This article conceptualises the techniques of resistance developed by Palestinian hunger strikers. Through the weaponization of the body they seek to disrupt the techniques of power exercised over their starving bodies by the Israel Prison Authorities (IPA), as well as the Israeli intelligence services responsible for administrative detention. It shows that hunger strike is a site of creativity of resistance and human agency. From the hunger strikers’ view, it demonstrates their ability to claim agency over their bodies and the power of life and death which rests in the hands of those who resist. This mode of resistance not only reflects the relationship between Palestinian political prisoners and the IPA but also illustrates the complexity of settler-colonialism and the dynamics of anti-colonial resistance.
The article approaches the techniques of power and resistance between the IPA and political prisoners chronologically, from the initial phase of the hunger, the peak of the struggle, and the advanced stage which is marked by negotiations between the prisoners and the IPA. The trajectory of hunger strikes varies according to the decomposition of the starving body, and at each stage the prison authorities change the emphasis of their techniques in order to break the hunger strike, whilst the prisoners invent new techniques to sustain the hunger strike. Subjectivity formation during the hunger strike arises from the protracted battle between the resistant subjects and colonial power.
Supervisee resistance is often construed as an execution of their power to diminish the effects of the supervisors’ power in the field of counseling psychology. Such a limited view of resistance may ignore its sociocultural context and further support the social structure of domination that necessitates resistance in the first place. Given that resistance and power are connected yet distinct concepts, understanding resistance is necessary to better understand power relations. The discipline of psychology largely recognizes the ability of organized, collective resistance to make social changes, although not that of everyday forms of resistance that intend to survive and simultaneously sabotage domination. To expand the understanding of everyday resistance by recognizing agency that is culturally situated in social relations, this qualitative study used semi-structured interviews with seven supervisee participants to investigate their everyday resistance in clinical supervision, particularly focusing on the tactics they employed in interactions with their supervisors and what was achieved through those tactics, and the agency and subjectivity interwoven with the resistant acts upheld by cultural or professional discourses. The results indicate that the tactics employed (for example, selective presentation of cases or self, note-taking, acting positive, and pretended speculation) are not only aimed at protecting their professional integrity and therapist subjectivity, but also at maintaining harmonious supervisory relationships that may generate valuable social networks (guanxi) for future career development. Under the circumstances in which supervisees are unable to abide by both the professional ideology and cultural ethics of honoring instructors, they adopt the identity of a ‘good student’ to maneuver through difficult situations in the interest of guanxi. Through these tactics, supervisees demonstrated their agency despite being in vulnerable positions.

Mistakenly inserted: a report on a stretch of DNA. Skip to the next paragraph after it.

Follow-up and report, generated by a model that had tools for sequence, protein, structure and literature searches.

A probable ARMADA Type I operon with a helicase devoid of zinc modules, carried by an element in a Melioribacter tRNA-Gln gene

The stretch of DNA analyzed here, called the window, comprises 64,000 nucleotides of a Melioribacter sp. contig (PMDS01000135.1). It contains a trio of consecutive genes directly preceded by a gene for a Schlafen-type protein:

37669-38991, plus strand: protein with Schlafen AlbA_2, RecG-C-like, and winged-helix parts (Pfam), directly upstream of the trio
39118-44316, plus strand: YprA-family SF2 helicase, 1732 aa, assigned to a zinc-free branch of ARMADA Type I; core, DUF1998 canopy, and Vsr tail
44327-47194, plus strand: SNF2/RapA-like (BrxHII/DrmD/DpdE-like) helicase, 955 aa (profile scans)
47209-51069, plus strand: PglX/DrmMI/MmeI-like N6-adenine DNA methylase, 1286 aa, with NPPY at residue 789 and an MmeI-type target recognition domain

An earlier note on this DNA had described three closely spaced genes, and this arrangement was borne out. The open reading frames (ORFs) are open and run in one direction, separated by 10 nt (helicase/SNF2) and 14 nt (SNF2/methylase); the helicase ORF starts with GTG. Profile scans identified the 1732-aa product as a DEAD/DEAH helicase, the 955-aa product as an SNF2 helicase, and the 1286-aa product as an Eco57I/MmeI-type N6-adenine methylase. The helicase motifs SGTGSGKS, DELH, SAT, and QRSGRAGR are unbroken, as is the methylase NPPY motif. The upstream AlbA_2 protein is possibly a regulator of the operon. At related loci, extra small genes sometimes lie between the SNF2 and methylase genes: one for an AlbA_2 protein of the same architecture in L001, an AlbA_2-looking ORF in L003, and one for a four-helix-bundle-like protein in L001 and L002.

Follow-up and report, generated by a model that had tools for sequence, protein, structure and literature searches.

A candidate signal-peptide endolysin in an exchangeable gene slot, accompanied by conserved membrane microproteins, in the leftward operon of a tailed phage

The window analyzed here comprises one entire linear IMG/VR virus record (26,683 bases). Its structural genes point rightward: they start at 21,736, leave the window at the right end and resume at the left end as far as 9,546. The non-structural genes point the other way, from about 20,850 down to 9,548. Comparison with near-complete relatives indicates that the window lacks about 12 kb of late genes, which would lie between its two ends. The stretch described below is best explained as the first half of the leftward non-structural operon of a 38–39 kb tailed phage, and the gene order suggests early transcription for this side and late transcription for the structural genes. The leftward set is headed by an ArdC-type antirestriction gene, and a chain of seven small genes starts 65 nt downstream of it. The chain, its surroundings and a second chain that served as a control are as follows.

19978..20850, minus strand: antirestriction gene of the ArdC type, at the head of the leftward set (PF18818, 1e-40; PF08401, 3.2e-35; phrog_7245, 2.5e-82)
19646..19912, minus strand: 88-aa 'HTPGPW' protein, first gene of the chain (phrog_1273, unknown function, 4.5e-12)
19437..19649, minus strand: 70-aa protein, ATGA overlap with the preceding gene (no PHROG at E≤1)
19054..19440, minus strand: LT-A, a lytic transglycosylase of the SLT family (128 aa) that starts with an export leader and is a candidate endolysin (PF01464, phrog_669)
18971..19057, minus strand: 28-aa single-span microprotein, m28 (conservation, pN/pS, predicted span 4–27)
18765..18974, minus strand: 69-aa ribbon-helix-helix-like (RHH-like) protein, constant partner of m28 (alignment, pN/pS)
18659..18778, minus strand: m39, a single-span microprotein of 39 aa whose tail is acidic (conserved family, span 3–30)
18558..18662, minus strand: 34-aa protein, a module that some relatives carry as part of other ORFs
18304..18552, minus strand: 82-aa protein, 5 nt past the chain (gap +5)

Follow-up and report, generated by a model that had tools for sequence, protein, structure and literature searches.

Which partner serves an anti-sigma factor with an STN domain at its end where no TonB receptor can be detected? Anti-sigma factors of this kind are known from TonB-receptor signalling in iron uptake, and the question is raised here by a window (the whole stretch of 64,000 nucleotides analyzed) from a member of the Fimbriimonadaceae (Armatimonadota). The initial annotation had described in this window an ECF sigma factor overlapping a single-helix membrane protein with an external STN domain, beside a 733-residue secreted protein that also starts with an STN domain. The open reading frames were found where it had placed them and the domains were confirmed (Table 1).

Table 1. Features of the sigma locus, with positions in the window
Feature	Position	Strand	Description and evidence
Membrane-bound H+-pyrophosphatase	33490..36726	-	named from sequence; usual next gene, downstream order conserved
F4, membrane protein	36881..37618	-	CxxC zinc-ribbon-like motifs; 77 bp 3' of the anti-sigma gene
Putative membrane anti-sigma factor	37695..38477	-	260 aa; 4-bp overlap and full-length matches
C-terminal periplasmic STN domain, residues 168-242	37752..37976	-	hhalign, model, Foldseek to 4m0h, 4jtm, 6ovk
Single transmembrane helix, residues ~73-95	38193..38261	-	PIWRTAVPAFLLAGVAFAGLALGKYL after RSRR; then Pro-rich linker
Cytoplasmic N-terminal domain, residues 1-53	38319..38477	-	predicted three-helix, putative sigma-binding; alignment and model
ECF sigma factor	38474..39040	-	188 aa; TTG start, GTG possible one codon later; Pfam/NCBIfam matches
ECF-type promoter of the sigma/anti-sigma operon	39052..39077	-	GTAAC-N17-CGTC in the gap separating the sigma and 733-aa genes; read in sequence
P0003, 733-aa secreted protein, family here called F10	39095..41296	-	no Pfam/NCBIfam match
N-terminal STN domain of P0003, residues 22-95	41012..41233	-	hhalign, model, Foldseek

This article will examine how rural Afghan women employ practices of everyday resistance as a means of challenging extremely patriarchal power structures and male domination in Afghanistan. The research presented illustrates how rural women simultaneously support and reproduce patriarchal societal structures and values through quiet encroachment of public spaces and the labour market as well as conscious adherence to certain patriarchal norms.
Through a qualitative research method consisting of eleven focus groups with 130 rural women from four districts, across two provinces in Afghanistan, a structurationist approach is employed in order to fully account for the interaction and interrelationship between dominant, male-privileging structures of power and rural women’s agency. Significantly, these women, through the intentions behind their practices of everyday resistance and encroachment upon public spaces, demonstrate that they do not wish to eradicate patriarchy, but rather to transform it into a more benign structure of power which conforms to the women’s interpretation of Islam. This is a construction of Islam which accommodates women as individuals with agency and ability, enabling them to take advantage of independent mobility, provide for their families, and send their children (sons and daughters) to school.
Thus, these women deliberately engage in everyday resistance to extreme manifestations of patriarchy, but simultaneously consciously adhere to, and subtly advocate for, more benevolent patriarchal social norms.
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